A long, slow drive for many returning holidaymakers

By Abby Gillies

File photo / NZ Herald
File photo / NZ Herald

Traffic is heavy, but flowing smoothly in most potential bottlenecks around the country as motorists make the long, slow drive home after the Easter break.

Police report many roads are congested and there have been some minor crashes, but nothing to cause major traffic delays.

A spokesman for police Southern Communications said they had received many calls from disgruntled motorists complaining about other peoples driving - too slow or too fast - but there had been no serious incidents.

A slip has closed one lane of SH1 on the eastern shore of Lake Taupo, about 5km south of Hatepe.

The road has been reduced to one lane, and police are asking motorists in the area to be patient.

Traffic was expected to remain slow-moving for much of the day, due to heavy traffic flows and wet roads in some parts of the country.

Earlier today police urged drivers to take extra care, particularly in areas where rain had made the roads slippery.

Wellington district road policing manager Inspector Donna Laban said drivers should prepare for a slow trip home.

"Keep left, be patient, have plenty of rest, share the driving, be conscious of the change in weather and just be considerate, really. We want people to arrive back safely form their trips away,'' she said.

"We had quite a downpour yesterday for periods on and off. It's just really driving to the conditions and not following too closely, keeping speed down and just really being patient,'' said Inspector Laban.

National road policing manager, Superintendent Carey Griffiths, said police would be highly visible throughout the country enforcing a speed tolerance of 4km/h over the limit.

The speed limit is not a target, and road users should drive to the conditions, he said.

"Human beings are fallible and crashes will occur. However the incidence of injury or deaths can be reduced when we accept, comply with and share the responsibility for using our roads safely.''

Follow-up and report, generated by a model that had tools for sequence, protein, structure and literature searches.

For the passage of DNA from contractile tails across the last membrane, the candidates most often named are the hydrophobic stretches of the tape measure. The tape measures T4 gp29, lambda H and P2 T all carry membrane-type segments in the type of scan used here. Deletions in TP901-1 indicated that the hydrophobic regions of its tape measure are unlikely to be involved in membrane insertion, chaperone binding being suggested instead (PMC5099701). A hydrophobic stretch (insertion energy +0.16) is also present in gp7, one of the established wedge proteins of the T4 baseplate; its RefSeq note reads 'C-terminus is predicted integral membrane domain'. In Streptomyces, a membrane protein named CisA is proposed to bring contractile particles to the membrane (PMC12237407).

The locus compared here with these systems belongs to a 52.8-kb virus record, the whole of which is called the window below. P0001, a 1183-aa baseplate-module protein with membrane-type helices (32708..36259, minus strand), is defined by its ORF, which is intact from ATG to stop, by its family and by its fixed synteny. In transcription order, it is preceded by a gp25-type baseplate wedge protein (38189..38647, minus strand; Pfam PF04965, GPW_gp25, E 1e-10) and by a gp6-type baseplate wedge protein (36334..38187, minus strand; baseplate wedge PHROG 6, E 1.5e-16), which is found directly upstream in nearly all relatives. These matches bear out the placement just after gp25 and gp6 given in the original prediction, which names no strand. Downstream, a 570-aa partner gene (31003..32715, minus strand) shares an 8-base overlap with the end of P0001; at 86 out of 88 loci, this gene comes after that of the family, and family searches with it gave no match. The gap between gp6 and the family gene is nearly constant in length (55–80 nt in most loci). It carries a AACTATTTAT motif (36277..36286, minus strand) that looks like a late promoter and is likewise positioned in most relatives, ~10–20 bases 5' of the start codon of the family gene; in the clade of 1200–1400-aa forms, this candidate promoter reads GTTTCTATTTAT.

Three people have died during the official Easter holiday period that started at 4pm on Thursday and ends at 6am tomorrow.

Only two hours into the road toll period, Temuka's Stephen Kirkcaldie, 55, died when he collided with a car while cycling home from work.

He and his wife Carmela were to celebrate their 18th wedding anniversary next week.

"That's why it's so tragic'', said family friend Tania Farrer.

"It's so hard. He was a very good man.''

At 2am on Saturday, Anthony King, 53, from Paraparaumu Beach, was killed when the Suzuki vehicle he was a passenger in collided with a BMW on State Highway 5 at Wairakei, north of Taupo.

That night Hannah Eaton, 25, was killed when her BMW hit an oncoming Ford Territory SUV at Puriri, south of Thames.

Her husband, ex Hurricane and Magpies' rugby player Chris Eaton expressed his grief over losing his wife, saying their daughter Layla was helping to get him through.

"Thanks for the support. I love my wife so much it hurts. My angel Layla is my world and is the last thing holding me together. Love 2 all,'' Eaton tweeted.

Police advised they will return to the scene of the crash about 10am tomorrow to complete their examinations and motorists should expect delays.

Traffic management staff will be in place as traffic will be cut to one lane. Motorists who can't avoid travelling that stretch of road at that time are advised to expect delays, police said.

While police are generally pleased with driving behaviour so far this Easter weekend, "Three fatalities is always three too many'', said Superintendent Griffiths.

"We now have a shared responsibility to avoid further tragedy and loss of life.''

Over the past five Easter periods there have been an average of six road deaths.

MetService duty forecaster Liz Walsh said there could be a thunderstorm warning out for Westland and Fiordland tomorrow, with winds potentially gusting up to 100km/h.


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